I’m So Excited, the Pedro Almodóvar comedy starring Javier Cámara, Lola Dueñas, Cecilia Roth, trailed only Sam Raimi / James Franco’s Oz the Great and Powerful at the Spanish box office this past weekend. For comparison’s sake, below are the Spanish and worldwide box office figures of the Pedro Almodóvar movies released so far this century. (Image: Super-campy flight attendants Javier Cámara, Raúl Arévalo, and Carlos Areces in Pedro Almodóvar’s I’m So Excited.)

  • In March 2013, I’m So Excited / Los amantes pasajeros opened with $2.5 million at 298 locations.
  • In September 2011, The Skin I Live In / La piel que habito, starring Antonio Banderas and Elena Anaya, opened with $1.73 million at 287 locations. The Skin I Live In went on to gross $6.18 million in Spain. Worldwide total (possibly incomplete): $30.84 million. Top markets: Spain, France with $5.72 million, the U.S. and Canada with $3.18 million, Brazil with $2.89 million, and Italy with $2.43 million.
  • In March 2009, Broken Embraces / Los abrazos rotos, starring Penélope Cruz and Lluís Homar, opened with $1.72 million at 247 locations. Broken Embraces went on to gross $5.79 million in Spain. Worldwide total (partial list): $30.99 million.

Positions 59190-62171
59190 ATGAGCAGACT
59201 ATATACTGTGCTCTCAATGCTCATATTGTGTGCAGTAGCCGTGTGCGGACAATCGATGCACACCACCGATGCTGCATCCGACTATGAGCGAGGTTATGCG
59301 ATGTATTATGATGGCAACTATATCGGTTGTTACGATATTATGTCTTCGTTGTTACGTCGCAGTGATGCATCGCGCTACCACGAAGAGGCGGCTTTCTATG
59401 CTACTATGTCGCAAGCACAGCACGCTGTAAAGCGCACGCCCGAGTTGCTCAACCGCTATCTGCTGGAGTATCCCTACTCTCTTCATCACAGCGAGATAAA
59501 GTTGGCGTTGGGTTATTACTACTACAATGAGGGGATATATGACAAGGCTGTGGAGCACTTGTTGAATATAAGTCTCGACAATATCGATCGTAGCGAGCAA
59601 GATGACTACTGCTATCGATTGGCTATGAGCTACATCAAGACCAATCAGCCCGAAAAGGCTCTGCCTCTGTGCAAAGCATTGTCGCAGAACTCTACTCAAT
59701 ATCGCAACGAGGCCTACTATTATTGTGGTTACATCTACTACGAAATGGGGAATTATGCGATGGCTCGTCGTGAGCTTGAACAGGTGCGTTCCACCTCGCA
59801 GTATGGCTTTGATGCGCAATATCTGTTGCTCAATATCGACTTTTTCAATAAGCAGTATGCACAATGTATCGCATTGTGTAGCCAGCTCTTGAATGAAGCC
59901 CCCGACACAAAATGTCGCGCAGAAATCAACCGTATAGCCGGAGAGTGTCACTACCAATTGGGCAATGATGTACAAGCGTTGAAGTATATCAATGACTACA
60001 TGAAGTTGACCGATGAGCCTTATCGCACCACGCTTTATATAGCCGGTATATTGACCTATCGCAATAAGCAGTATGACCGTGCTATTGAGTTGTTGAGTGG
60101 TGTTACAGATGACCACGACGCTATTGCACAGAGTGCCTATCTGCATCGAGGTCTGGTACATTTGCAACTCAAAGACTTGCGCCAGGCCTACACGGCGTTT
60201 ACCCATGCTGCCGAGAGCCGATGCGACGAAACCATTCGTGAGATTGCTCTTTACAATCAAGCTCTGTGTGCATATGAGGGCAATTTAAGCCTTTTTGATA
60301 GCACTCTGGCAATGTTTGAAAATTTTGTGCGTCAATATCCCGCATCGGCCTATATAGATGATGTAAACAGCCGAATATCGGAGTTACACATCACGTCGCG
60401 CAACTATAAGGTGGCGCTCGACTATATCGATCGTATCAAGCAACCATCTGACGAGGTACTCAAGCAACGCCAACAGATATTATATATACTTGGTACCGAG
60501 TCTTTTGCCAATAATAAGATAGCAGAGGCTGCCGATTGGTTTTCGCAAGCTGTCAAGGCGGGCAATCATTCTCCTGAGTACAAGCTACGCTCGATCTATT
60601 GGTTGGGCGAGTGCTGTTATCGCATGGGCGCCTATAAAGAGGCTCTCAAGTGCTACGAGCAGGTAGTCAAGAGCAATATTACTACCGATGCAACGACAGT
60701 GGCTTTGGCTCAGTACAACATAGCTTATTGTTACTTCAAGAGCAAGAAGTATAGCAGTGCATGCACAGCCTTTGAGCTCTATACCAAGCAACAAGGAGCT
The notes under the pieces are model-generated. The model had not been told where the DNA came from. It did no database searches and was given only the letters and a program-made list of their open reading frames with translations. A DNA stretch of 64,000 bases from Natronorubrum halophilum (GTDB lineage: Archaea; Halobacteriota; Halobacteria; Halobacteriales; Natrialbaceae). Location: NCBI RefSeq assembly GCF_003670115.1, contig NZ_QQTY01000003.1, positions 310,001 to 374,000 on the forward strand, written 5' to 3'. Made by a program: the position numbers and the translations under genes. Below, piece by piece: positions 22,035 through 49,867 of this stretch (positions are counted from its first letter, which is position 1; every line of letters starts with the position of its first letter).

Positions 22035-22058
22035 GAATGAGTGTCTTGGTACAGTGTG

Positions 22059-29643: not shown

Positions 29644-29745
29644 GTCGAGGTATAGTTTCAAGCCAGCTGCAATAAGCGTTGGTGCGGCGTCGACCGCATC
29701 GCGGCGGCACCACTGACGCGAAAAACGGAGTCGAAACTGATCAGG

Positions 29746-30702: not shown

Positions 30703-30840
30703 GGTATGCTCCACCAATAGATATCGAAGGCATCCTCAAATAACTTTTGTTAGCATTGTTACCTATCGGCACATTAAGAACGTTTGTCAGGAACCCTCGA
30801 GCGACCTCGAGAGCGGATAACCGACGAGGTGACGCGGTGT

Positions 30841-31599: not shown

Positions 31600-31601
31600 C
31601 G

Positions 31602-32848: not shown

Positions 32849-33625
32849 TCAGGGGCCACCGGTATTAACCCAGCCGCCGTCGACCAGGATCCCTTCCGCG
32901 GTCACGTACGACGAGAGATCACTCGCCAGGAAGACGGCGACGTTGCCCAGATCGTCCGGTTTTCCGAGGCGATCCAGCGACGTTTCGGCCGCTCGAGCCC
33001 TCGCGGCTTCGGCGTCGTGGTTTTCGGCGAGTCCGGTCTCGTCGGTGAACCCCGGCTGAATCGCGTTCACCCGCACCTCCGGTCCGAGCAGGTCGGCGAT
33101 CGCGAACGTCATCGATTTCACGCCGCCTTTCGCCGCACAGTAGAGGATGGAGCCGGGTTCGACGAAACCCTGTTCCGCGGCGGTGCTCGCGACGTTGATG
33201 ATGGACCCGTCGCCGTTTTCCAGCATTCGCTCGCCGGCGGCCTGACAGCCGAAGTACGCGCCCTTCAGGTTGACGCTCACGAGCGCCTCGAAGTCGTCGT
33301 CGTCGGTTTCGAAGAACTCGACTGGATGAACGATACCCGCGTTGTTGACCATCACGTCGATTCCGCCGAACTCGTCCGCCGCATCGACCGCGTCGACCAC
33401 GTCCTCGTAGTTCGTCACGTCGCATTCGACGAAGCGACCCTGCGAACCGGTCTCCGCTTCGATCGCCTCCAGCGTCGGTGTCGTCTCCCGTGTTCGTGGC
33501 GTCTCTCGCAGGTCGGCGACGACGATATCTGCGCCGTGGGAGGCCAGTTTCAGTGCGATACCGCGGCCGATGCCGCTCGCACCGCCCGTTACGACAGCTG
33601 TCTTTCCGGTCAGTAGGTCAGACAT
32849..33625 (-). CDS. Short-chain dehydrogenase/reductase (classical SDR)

• In March 2006, Volver, starring Penélope Cruz, Carmen Maura, and Lola Dueñas, opened with $2.17 million at 228 sites. Volver went on to gross $12.24 million in Spain. Worldwide total: $85.58 million. Top markets: France with $17 million, the U.S. and Canada with $12.89 million, Spain, Italy with $8.64 million, and Germany with $5.97 million.
  • In March 2004, Bad Education / La mala educación, starring Gael García Bernal and Fele Martínez, opened with $2.17 million at 228 sites. Bad Education went on to gross $7.35 million in Spain. Worldwide total: $40.27 million. Top markets: Spain, France with $6.64 million, Italy with $5.38 million, the U.S. and Canada with $5.21 million, and Mexico with $3.47 million.
  • The eventual Best Original Screenplay Academy Award winner Talk to Her / Hable con ella, starring Javier Cámara, Darío Grandinetti, and Leonor Watling, opened in Spain in March 2002. Opening weekend figures are unavailable at Box Office Mojo, though Talk to Her ultimately raked in $6.08 million in Spain. Worldwide total (possibly incomplete): $51 million. Top markets: the U.S. and Canada with $9.28 million, France with $9.26 million, Spain, Italy with $5.26 million, and Germany with $1.94 million.